Enhanced microalgae growth and lipid production: a study of cytostatic inhibitors and glycerol assimilation

Zhang, Eugene Shun Biao (2016). Enhanced microalgae growth and lipid production: a study of cytostatic inhibitors and glycerol assimilation PhD Thesis, Institute for Molecular Bioscience, The University of Queensland. doi:10.14264/uql.2016.48

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Author Zhang, Eugene Shun Biao
Thesis Title Enhanced microalgae growth and lipid production: a study of cytostatic inhibitors and glycerol assimilation
School, Centre or Institute Institute for Molecular Bioscience
Institution The University of Queensland
DOI 10.14264/uql.2016.48
Publication date 2016-01-15
Thesis type PhD Thesis
Supervisor Ben Hankamer
Ian Ross
Total pages 188
Total colour pages 63
Total black and white pages 125
Language eng
Subjects 0607 Plant Biology
0605 Microbiology
0601 Biochemistry and Cell Biology
Formatted abstract
Current microalgal cultivation strategies and the unrefined oil produced (priced at ~USD$294/barrel) (Benemann et al, 2012), have yet to produce globally significant amounts of commercially viable biofuels competitive with that of fossil derived crude oil currently at USD$45.22/barrel (WTI (Nymex) as of 28.08.2015) (Nasdaq, 2015). Underlying this issue is the economics of gross lipid production, a function of lipid content and cellular productivity. The survival response of microalgal strains that promote the accumulation carbon as lipids typically occurs under stress conditions (such as nutrient deficiency) at the expense of cellular growth. This study explored alternative strategies by inhibiting metabolic processes, cell growth and division, through the use of cytostatic inhibitors such as sodium oxamate and conazole fungicides to induce lipid production in the absence of low nutrient conditions. Additionally, the exogenous supply of glycerol as a potential source of additional carbon was also investigated to improve photoautotrophic microalgae growth.

An inducible trigger for the rerouting of carbon towards lipid synthesis under nutrient replete conditions has great potential for research and commercial applications of microalgal biofuels. Photoautotrophic growth of locally collected strains was optimised through nutrient screens and subsequently dosed using the tested inhibitors. The testing of these inhibitors showed that sodium oxamate was able to inhibit cell division and increase the lipid content in most of the tested microalgae strains. On the other hand, conazole treatment was largely observed to decrease the cellular biomass of the microalgae, which suggests that carbon assimilation may have been reduced. The results indicate that both types of inhibitors were able to cytostatically affect most of the tested strains and that a number of strains responded well with increased lipid production. This process has allowed us to test the effectiveness of the compounds and to identify potential high lipid producers.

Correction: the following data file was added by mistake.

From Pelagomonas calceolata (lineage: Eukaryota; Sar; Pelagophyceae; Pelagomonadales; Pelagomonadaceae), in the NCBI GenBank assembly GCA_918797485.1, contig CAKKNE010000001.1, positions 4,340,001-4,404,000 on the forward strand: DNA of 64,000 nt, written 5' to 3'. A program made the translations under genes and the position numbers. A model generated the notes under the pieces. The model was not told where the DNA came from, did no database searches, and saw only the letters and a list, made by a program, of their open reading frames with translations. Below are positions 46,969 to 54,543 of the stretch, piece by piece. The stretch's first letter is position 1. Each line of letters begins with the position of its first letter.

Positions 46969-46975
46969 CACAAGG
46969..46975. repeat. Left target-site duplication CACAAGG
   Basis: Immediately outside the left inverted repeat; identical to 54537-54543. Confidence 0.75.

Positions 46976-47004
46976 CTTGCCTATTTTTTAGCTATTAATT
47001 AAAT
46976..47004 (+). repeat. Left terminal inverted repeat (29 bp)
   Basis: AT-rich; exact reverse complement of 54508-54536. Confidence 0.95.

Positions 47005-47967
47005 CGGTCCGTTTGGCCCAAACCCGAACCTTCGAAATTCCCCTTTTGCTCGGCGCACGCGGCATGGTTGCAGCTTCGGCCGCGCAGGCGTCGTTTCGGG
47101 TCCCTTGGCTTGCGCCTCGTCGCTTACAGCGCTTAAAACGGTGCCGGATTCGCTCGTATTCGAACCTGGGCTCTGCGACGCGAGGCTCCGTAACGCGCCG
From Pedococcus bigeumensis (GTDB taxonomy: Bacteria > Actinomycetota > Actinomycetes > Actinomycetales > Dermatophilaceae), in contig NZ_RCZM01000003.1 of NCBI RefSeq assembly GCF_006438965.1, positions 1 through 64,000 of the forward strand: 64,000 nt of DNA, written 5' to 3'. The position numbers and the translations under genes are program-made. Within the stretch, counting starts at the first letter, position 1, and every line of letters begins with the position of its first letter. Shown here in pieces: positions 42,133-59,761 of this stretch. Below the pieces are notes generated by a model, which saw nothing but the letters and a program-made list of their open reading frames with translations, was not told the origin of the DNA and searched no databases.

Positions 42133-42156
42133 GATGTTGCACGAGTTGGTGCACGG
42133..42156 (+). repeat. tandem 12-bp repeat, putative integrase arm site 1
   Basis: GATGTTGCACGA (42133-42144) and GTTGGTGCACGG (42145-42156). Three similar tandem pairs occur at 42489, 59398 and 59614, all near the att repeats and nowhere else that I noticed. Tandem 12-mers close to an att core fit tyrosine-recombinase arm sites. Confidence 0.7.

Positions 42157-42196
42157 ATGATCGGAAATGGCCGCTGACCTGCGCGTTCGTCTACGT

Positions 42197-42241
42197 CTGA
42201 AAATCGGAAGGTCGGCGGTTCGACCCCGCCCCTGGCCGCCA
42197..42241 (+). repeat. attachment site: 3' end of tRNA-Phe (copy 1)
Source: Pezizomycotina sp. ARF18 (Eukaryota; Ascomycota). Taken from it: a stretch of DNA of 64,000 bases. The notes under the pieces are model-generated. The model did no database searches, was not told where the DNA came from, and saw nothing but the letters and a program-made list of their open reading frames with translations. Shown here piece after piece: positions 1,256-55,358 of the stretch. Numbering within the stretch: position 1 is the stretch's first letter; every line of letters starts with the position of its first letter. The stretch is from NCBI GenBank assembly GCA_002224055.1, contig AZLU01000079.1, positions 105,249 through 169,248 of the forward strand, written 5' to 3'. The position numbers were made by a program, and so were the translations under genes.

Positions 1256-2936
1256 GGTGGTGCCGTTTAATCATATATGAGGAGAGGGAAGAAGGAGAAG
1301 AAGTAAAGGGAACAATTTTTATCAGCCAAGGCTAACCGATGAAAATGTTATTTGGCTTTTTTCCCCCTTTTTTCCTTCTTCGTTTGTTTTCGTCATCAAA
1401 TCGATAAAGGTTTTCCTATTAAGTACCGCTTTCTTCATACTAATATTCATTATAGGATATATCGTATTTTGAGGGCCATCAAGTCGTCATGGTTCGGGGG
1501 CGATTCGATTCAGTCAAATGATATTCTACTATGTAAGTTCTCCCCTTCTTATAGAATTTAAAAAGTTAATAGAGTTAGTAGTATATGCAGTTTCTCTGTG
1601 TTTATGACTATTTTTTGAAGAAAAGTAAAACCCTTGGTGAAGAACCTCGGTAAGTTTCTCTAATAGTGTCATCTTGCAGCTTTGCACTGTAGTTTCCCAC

Some species of microalgae are able to supplement CO2 fixation with the utilisation of exogenous carbon substrates, typically acetate or glucose. By exploring their facultative heterotrophic capabilities, photoautotrophic limitations such as light shading may be overcome. From a biotechnological perspective it would be advantageous if waste carbon streams from other processes could be used to supplement microalgal growth. One such byproduct is glycerol from the biodiesel industry. The radiolabelled results validated that glycerol is assimilated into central metabolism of Chlorella protothecoides and may be able to contribute towards cellular growth.

The data presented in this thesis highlights that the microalgal metabolic diversity for particular biotechnological applications can be probed and manipulated by utilising inhibitors and substrates known to function on specific metabolic pathways. In chapter two, the hypothesis that sodium oxamate can induce lipid production in microalgae was tested. The key finding was that sodium oxamate was able to induce as well as increase lipid production in microalgae; and that despite sharing metabolic pathways not all strains responded equally to sodium oxamate treatment.

In chapter three, it was postulated that highly conserved sterol synthesis pathways between microalgae and fungi suggested that conazole fungicide compounds should be cytostatic in all microalgae strains. Whilst published research results were unable to be replicated with Dunalliela tertiolecta, the key findings from this study reaffirmed that conazole treatment is cytostatic to microalgae and yielded increases in lipid production in Scenedesmus sp.. 

It has been reported within the literature that some microalgae species are able to grow heterotrophically on glycerol as a carbon source; which often contain other confounding carbon substrates. In chapter four, glycerol assimilation into microalgal metabolism was investigated using radiolabelled [14C]-glycerol in Chlorella protothecoides. Beta activity was detected in the biomass and a low level was observed in the Ca(OH)2 traps which validates that glycerol may be readily assimilated into metabolism.

By identifying positively responding strains and utilising these seldom used modes of growth, alternate cultivation and lipid inducing strategies may be investigated to improve the biological economics of lipid productivity and improve the feasibility of microalgal biodiesel.
Keyword Algae
Lipid
Inhibitor
Carbon
Metabolism
Oxamate
Conazole
Glycerol

Document type: Thesis
Collections: UQ Theses (RHD) - Official
UQ Theses (RHD) - Open Access
 
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Created: Sat, 09 Jan 2016, 13:44:08 EST by Eugene Zhang on behalf of Learning and Research Services (UQ Library)